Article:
The forecast through August 2019 indicates that water surpluses in southeastern China will shrink but remain widespread and intense in the Pearl River Basin with exceptional surpluses in Guangdong. Moderate surpluses are forecast along the Yellow (Huang He) River. Deficits will shrink in Henan and Hubei but will be intense. Primarily moderate deficits are forecast in southern North Korea and across the border into South Korea, and in northern Japan.
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The forecast through June indicates that widespread water surpluses will persist in southeast China but will moderate overall. However, anomalies will be extreme to exceptional in Guangxi and into western Guangdong. Intense surpluses will persist in the Tibetan Plateau. Intense deficits are forecast for Mongolia and from western Inner Mongolia in China across central Xinjiang. Moderate deficits will emerge in North Korea, and moderate to extreme deficits are forecast for Japan.
Regions forecast to have significant water deficits for the 12-month period from November 2018 through October 2019 include: Quebec (Canada), Finland, Latvia, Somalia, Angola, Iran, Thailand, Cambodia, and Australia. Areas with a forecast of significant water surplus include: Kansas and Texas (US), Paraguay, Uruguay, Syria, Tanzania, and China. This Watch List is based on ISciences Water Security Indicator Model (WSIM) run on 8 February 2019.
Among warm anomalies in the February Outlook the forecast indicates much higher than normal temperatures in Southeast Asia and along China’s southeast coast and in Taiwan. Conditions are expected to be wetter than normal along the lower Yangtze River, in the US Southwest, and around the Gulf of Guinea in Africa.
Regions forecast to have significant water deficits for the 12-month period from September 2018 through August 2019 include: Quebec (Canada), Chile, Finland, Albania, northern Africa, India, western Cambodia, and southeastern Australia. Areas with a forecast of significant water surplus include: Texas and Pennsylvania (US), Paraguay, western Tanzania, Tomsk and Kemerovo (Russia), and Heilongjiang (China). This Watch List is based on ISciences Water Security Indicator Model (WSIM) run on 7 December 2018.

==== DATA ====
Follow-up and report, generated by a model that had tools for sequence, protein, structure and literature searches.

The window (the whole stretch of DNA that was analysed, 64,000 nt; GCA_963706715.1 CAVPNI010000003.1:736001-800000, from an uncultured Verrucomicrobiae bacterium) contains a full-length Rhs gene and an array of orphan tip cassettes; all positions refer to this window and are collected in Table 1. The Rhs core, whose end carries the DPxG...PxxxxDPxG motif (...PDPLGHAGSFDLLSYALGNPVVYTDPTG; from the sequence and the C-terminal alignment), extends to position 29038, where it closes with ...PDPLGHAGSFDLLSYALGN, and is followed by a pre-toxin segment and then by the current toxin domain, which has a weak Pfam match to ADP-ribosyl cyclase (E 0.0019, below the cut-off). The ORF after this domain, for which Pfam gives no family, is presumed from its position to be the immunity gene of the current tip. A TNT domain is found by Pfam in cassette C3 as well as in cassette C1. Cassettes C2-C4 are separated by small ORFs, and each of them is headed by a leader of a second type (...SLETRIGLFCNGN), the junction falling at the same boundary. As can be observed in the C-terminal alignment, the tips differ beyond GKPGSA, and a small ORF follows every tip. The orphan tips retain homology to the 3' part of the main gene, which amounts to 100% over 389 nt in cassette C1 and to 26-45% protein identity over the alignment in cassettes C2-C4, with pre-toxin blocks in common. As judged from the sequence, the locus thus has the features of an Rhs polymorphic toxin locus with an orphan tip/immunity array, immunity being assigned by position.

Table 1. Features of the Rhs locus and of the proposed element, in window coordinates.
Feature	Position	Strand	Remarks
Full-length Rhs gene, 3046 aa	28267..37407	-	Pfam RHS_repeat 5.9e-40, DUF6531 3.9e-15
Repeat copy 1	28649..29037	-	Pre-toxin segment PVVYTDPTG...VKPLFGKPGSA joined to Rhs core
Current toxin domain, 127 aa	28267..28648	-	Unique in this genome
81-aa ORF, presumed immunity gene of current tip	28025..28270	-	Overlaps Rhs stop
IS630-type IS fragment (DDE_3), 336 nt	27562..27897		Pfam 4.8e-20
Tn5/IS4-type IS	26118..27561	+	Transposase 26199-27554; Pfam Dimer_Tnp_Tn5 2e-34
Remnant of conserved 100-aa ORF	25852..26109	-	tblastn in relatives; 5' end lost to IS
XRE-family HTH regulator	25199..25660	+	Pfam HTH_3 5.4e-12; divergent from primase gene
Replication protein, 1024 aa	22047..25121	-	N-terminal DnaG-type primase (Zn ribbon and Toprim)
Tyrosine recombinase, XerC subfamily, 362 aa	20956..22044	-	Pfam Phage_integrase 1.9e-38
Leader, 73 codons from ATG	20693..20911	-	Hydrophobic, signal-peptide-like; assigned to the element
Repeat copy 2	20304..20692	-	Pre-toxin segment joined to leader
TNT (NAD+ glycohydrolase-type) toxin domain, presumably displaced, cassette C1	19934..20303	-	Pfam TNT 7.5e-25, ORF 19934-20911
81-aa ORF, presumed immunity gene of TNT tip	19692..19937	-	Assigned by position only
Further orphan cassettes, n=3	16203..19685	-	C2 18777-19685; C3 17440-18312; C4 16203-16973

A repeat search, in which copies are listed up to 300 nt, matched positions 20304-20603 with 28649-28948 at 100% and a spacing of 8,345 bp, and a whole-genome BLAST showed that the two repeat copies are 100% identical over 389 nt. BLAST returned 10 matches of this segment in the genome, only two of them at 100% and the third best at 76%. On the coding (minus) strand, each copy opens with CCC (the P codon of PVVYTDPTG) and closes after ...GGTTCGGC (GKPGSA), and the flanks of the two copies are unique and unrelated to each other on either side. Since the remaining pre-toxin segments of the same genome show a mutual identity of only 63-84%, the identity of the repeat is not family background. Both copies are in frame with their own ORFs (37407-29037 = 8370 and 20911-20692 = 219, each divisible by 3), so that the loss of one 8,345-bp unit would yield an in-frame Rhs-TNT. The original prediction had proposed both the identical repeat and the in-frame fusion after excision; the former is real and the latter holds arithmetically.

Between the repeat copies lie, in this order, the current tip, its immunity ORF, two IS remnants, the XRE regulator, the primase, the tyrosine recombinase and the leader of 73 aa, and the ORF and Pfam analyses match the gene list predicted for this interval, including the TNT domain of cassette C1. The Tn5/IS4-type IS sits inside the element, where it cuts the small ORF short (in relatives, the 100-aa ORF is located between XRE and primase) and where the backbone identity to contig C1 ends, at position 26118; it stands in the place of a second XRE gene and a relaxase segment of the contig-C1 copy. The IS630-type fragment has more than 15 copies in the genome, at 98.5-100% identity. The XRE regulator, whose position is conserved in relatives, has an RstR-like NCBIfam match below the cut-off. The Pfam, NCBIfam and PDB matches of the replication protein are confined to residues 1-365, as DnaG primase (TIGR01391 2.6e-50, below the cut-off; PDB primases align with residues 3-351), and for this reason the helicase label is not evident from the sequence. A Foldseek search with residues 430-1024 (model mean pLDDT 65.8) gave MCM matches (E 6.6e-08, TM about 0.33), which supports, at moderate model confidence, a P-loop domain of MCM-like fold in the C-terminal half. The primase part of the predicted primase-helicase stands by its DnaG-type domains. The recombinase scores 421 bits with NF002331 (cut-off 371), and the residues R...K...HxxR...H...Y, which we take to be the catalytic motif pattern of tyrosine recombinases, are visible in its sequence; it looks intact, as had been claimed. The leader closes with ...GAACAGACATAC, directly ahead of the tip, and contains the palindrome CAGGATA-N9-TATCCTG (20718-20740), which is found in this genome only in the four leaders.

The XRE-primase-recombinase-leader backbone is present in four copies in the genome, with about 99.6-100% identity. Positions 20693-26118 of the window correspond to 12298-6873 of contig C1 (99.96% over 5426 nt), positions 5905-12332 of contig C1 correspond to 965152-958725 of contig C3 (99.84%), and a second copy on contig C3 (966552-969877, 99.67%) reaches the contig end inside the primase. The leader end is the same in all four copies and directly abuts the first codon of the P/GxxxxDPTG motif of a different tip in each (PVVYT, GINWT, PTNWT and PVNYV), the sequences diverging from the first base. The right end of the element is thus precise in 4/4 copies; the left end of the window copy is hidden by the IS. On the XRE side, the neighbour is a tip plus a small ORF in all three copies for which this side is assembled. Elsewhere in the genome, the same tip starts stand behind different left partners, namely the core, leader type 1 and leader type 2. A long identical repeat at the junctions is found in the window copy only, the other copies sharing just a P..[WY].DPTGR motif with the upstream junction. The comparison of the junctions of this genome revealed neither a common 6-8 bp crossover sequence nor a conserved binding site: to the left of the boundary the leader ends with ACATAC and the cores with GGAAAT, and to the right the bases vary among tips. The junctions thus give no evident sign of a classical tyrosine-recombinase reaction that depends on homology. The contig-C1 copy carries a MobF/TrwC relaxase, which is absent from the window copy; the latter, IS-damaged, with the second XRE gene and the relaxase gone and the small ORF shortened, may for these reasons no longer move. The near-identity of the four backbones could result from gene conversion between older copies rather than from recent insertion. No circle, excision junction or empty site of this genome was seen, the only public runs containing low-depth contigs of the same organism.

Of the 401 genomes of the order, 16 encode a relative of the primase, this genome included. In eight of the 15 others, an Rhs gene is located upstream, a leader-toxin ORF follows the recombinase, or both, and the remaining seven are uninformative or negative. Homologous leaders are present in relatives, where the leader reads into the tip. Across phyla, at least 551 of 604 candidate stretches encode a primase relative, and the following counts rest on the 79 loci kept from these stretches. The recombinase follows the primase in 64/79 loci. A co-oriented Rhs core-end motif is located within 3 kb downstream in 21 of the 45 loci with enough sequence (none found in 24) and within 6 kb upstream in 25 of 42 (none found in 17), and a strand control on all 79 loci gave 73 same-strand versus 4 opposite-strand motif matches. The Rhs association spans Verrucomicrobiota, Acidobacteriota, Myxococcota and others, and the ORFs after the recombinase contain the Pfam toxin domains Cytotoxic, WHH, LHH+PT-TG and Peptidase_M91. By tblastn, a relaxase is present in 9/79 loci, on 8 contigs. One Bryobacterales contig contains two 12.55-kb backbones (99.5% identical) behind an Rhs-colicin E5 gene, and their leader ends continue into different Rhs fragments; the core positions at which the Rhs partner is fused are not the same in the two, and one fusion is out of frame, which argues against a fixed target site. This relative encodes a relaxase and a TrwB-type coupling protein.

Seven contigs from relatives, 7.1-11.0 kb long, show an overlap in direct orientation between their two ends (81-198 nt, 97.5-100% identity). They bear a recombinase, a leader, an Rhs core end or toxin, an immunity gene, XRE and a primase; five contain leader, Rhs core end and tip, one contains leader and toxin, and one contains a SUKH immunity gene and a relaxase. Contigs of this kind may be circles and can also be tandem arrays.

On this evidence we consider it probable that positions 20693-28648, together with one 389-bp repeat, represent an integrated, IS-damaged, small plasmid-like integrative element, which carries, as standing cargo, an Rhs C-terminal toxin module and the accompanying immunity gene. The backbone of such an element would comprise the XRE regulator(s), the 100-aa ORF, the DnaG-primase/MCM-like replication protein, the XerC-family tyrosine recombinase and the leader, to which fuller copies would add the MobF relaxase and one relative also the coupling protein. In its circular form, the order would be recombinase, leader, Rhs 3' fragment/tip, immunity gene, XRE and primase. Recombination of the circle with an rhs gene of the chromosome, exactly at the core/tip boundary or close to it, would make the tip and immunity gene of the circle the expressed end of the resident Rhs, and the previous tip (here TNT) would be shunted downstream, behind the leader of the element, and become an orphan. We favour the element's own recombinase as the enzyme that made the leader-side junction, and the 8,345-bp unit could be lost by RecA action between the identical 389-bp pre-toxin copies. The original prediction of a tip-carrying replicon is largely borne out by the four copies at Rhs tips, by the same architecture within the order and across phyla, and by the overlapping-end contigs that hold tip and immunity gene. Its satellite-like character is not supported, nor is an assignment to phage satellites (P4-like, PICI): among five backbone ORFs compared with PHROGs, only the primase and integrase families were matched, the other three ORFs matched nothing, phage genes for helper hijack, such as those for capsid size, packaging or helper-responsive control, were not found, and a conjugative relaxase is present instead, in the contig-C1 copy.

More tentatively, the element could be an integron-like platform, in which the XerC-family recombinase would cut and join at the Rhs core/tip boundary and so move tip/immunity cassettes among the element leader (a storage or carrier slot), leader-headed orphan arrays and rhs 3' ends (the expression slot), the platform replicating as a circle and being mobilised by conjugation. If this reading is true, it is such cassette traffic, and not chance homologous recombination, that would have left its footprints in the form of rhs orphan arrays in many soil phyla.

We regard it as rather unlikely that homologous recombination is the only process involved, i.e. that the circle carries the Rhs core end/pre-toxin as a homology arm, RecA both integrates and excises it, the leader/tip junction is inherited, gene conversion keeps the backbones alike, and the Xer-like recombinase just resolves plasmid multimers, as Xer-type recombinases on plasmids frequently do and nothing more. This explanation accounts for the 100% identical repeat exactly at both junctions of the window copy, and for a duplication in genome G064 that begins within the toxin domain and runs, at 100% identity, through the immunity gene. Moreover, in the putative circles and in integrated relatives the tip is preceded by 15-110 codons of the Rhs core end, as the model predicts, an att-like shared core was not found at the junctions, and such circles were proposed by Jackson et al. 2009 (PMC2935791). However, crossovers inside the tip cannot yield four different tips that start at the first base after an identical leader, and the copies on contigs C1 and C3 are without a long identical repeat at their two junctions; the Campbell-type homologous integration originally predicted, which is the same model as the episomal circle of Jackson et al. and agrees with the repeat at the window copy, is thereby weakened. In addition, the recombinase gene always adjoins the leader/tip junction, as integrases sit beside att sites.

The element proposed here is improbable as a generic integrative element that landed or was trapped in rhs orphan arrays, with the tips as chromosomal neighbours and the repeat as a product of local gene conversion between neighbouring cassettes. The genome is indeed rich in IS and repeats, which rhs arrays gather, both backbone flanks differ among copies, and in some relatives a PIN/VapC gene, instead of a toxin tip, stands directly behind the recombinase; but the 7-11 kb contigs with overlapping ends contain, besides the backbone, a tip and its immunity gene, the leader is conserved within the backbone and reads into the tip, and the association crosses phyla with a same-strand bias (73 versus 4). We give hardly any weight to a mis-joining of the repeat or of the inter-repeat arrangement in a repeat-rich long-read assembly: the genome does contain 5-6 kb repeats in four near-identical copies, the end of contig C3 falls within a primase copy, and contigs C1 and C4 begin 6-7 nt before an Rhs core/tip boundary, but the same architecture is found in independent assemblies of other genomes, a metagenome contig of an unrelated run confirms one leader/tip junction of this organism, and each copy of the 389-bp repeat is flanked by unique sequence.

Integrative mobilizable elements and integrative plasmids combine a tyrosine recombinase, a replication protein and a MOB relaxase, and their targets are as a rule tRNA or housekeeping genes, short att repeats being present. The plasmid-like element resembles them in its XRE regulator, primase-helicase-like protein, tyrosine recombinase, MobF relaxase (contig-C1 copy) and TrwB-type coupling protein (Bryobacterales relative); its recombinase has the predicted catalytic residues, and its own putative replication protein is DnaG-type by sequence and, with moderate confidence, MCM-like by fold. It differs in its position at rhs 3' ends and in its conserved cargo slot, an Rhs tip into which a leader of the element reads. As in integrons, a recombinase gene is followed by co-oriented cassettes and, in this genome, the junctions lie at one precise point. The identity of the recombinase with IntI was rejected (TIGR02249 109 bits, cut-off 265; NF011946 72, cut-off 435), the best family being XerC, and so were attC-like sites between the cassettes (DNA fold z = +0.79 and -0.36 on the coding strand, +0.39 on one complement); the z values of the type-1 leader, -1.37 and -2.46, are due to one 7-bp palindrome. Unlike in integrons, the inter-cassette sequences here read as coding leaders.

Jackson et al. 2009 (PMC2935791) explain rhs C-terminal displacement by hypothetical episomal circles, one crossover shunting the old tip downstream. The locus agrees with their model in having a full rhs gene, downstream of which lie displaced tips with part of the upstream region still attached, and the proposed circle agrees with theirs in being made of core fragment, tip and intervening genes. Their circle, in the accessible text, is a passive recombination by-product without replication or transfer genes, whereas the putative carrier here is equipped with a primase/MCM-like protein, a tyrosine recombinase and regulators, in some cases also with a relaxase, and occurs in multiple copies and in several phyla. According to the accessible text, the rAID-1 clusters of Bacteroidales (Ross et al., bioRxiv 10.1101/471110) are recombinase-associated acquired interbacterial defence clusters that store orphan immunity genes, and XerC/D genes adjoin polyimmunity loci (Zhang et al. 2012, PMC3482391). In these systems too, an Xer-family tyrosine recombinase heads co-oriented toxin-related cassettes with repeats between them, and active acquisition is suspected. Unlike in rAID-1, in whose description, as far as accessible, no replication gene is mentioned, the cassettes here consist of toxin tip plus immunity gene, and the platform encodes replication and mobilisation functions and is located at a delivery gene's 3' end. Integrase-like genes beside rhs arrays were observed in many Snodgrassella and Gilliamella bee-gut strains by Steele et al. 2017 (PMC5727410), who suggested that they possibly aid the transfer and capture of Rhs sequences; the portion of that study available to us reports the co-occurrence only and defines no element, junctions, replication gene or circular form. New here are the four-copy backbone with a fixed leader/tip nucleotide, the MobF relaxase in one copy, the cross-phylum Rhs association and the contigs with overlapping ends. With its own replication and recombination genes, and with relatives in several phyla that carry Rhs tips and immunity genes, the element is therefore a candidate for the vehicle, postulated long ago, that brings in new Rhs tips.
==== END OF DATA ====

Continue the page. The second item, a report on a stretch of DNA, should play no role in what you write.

The December Outlook indicates exceptionally warmer than normal temperatures, 40+ years return period, in Southeast Asia. Much wetter than normal conditions are forecast for the Yangtze River Basin in China.
Regions forecast to have significant water deficits for the 12-month period from August 2018 through July 2019 include: Quebec (Canada), Amazonas (Brazil), Chile, Germany, Finland, Latvia, Egypt, western Cambodia, and southeastern Australia. Areas with a forecast of significant water surplus include: Texas (US), Liberia, Paraguay, Myanmar, and Heilongjiang (China). This Watch List is based on ISciences Water Security Indicator Model (WSIM) run on 12 November 2018.
Widespread water surpluses will emerge south of the Yangtze River and in the Pearl River watershed over the next few months and may persist through March. Surpluses are also forecast for Sichuan, Qinghai, and Tibet and may persist even longer. Deficits will increase and intensify from western Inner Mongolia through Xinjiang, and moderate to severe deficits will emerge from the North China Plain to the Yangtze River. Extreme surpluses are forecast for southern Japan, and deficits for southern North Korea.
Warmer than normal temperatures are forecast for a vast stretch of Russia east of the Ural Mountains, through the Central Siberian Plateau and leading south to the Sea of Japan, where anomalies will be intense. Similar conditions are expected across the border in China’s Northeastern Plain. The US Southwest can expect much wetter than normal conditions.
Through the next several months, widespread water surpluses in the center of China will shrink and downgrade, and surpluses further east in Hubei, Henan, and Anhui will transition to mild deficit. In the south, moderate to severe surpluses will increase in Yunnan and western Guangxi. Deficits will shrink in Mongolia, Inner Mongolia, and Southeast China. Moderate to extreme deficits will persist in Liaoning and Jilin in the northeast, and will emerge on the Korean Peninsula and Honshu, Japan.